Researchers reported four specific healthy lifestyle changes could lower death rates and heart diseases drastically.
Researchers stated that too much weight gain during infancy could result in an increased risk of obesity and heart disease later in life.
Eating like a Viking may help lower cholesterol levels, a new study suggests.
Menopause could soon become a thing of the past.
Researchers found that children born after their mothers underwent gastrointestinal bypass surgery tended to be slimmer than their older siblings that were born before the surgery.
Kids who miss more than half of their recommended well-child visits are twice as likely to end up in hospital compared to those who attend most of their visits, a new study suggests.
A new study reports that playing sports with a heart defibrillator might not be as dangerous as previously believed to be.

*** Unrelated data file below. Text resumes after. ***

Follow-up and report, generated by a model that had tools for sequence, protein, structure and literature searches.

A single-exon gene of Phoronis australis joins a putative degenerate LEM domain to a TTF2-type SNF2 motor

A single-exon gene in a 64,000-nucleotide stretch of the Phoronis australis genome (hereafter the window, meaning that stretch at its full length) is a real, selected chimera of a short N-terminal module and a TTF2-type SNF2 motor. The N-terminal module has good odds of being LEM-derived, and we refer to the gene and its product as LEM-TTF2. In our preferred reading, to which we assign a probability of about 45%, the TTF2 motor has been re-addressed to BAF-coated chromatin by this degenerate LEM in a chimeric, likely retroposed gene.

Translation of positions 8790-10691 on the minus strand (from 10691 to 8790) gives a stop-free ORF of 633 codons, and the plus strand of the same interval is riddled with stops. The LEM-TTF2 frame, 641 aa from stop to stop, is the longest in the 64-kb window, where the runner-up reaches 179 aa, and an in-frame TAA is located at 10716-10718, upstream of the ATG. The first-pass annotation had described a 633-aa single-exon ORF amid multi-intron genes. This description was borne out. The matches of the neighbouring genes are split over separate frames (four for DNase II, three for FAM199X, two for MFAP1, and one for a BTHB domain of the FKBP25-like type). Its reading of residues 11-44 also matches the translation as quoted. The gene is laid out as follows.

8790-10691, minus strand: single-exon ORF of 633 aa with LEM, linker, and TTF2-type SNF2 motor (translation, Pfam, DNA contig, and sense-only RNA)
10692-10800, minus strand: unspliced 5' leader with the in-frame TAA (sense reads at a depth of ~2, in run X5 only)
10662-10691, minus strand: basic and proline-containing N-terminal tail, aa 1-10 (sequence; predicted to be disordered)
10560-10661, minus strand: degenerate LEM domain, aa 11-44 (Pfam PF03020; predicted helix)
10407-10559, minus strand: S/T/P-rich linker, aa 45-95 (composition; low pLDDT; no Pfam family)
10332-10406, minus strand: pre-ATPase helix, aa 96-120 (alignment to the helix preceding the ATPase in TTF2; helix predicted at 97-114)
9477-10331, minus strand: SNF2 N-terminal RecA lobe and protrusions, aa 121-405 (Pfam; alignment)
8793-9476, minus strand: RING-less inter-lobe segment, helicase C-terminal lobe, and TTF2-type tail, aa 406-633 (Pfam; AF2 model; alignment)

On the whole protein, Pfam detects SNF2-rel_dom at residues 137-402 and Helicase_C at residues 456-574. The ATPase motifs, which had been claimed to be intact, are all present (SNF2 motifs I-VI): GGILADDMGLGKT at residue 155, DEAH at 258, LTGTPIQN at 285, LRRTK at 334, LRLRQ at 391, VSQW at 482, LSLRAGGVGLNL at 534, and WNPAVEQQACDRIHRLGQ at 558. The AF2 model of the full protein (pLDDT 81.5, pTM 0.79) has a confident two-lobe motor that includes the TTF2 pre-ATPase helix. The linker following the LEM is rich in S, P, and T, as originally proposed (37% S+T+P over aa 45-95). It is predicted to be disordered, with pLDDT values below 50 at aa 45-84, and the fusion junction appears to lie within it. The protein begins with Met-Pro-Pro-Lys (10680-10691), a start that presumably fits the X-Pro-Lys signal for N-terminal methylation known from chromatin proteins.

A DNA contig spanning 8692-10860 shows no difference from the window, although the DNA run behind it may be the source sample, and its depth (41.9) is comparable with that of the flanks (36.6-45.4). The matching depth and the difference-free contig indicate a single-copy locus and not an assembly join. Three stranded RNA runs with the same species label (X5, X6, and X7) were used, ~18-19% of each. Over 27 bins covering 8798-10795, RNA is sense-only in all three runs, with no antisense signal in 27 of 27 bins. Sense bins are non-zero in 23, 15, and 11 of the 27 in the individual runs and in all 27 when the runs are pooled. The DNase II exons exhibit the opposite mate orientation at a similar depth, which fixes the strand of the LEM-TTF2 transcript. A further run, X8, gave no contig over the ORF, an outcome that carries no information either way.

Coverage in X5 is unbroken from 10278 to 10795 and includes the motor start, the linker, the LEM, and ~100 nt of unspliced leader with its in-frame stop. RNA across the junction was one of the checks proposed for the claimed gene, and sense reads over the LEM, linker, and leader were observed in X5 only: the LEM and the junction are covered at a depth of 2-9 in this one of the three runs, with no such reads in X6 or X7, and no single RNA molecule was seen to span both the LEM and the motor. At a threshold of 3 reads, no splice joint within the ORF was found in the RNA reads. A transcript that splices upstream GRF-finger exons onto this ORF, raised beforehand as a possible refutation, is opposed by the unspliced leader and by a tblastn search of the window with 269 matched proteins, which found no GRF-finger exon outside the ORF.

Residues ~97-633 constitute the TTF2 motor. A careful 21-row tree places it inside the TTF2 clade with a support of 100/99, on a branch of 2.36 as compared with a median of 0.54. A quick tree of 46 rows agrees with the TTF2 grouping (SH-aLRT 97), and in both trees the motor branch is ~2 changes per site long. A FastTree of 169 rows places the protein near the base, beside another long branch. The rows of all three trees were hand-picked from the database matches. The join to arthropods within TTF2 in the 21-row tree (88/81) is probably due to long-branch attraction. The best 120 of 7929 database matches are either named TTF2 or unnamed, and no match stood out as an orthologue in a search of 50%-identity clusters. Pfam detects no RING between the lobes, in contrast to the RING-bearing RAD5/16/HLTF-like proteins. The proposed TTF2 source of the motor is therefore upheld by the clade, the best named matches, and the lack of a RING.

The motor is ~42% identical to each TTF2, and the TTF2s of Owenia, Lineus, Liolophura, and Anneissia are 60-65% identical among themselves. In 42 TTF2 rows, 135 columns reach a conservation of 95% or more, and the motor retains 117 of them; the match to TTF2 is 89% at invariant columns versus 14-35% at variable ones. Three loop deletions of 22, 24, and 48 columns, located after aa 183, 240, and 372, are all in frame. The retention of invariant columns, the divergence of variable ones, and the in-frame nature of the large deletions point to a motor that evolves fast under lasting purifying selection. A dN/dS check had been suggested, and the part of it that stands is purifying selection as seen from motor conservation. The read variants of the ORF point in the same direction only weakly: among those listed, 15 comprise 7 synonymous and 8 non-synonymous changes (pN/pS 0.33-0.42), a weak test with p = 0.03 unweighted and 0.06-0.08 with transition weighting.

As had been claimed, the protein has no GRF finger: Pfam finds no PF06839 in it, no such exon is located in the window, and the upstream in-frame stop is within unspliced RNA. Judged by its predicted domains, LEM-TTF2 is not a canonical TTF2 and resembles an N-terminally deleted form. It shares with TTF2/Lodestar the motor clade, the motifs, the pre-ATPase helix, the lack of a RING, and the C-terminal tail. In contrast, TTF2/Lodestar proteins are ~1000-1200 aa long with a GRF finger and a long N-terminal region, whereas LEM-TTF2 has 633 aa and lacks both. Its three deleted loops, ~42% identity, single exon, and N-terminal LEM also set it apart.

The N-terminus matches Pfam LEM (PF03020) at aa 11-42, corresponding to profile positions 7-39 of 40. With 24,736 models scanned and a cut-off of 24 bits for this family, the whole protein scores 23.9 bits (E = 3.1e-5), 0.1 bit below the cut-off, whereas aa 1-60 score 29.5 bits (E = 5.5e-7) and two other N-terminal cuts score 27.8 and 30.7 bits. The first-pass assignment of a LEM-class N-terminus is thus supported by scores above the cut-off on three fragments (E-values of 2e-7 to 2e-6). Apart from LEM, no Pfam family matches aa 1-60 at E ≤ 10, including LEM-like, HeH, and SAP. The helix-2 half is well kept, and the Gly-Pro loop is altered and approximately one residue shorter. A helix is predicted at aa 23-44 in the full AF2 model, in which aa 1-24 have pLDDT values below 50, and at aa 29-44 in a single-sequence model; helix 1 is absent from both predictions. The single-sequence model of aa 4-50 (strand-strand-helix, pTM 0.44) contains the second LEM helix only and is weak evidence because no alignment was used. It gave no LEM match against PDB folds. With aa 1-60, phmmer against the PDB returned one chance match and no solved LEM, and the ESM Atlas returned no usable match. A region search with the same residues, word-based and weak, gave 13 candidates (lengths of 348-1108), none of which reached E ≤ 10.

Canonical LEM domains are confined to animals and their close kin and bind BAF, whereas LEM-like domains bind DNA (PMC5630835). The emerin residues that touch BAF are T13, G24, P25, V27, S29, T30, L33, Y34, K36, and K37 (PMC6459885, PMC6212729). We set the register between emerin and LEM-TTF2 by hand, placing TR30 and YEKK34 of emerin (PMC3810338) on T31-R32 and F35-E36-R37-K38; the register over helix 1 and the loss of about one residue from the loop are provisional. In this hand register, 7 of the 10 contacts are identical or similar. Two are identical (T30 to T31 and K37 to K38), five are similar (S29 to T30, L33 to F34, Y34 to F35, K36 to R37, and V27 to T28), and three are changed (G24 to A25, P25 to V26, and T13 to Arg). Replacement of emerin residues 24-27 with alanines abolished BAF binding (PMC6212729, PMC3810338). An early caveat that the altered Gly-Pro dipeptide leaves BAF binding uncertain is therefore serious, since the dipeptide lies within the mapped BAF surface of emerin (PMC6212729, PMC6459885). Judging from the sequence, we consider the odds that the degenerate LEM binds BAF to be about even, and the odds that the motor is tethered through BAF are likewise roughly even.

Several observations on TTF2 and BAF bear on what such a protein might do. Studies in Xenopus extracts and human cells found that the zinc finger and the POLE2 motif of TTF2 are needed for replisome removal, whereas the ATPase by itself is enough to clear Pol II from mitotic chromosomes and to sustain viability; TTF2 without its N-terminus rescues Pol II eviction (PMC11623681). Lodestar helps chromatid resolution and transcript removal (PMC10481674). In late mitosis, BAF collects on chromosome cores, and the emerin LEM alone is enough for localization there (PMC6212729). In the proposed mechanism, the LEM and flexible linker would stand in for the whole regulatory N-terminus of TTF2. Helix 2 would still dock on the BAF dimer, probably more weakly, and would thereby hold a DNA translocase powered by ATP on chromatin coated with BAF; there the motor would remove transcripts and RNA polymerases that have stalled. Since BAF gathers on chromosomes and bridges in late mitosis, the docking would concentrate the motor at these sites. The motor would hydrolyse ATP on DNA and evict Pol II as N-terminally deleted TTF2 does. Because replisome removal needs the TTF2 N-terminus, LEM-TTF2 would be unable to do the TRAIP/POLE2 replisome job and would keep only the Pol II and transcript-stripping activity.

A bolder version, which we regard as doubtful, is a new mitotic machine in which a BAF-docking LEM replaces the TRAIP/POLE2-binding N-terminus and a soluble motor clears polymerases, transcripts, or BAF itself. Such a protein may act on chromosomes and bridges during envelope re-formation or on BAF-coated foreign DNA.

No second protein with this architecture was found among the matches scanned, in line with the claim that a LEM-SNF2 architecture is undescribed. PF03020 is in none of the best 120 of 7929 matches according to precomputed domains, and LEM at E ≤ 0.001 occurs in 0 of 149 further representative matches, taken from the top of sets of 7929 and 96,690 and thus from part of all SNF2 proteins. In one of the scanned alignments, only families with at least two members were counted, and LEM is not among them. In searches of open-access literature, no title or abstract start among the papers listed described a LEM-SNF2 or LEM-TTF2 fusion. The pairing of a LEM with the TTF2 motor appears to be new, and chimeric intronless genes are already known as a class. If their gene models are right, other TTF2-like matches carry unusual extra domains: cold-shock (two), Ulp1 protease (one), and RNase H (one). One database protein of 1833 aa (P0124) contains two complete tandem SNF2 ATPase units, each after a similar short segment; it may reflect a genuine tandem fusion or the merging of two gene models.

Researchers report that men who are physically fit from their 40s to 60s have a lower chance of developing cancer later on in life.
Heart disease affects men more than women, but a new study reveals that young women tend to be less healthy than young men before heart attacks.
Having a pet could lower a person's risk of heart disease, according to heart experts.
Working out is not just good for your waistline.
High blood pressure can go undiagnosed for years starting from adolescence.
Secondhand smoke may pose a greater risk to teen girls than boys, according to a new study.
Anyone who practices yoga knows that it is good for you – and may even constantly tell their friends so.
The state of California recently declared the canned food chemical bisphenol A (BPA) as toxic and said it may cause health problems.
Researchers from the University of Sheffield School of Health and Related Research (ScHARR) are today making a series of recommendations for NHS mental health trusts to change the way they collect and use patient feedback to improve the quality of care for inpatients.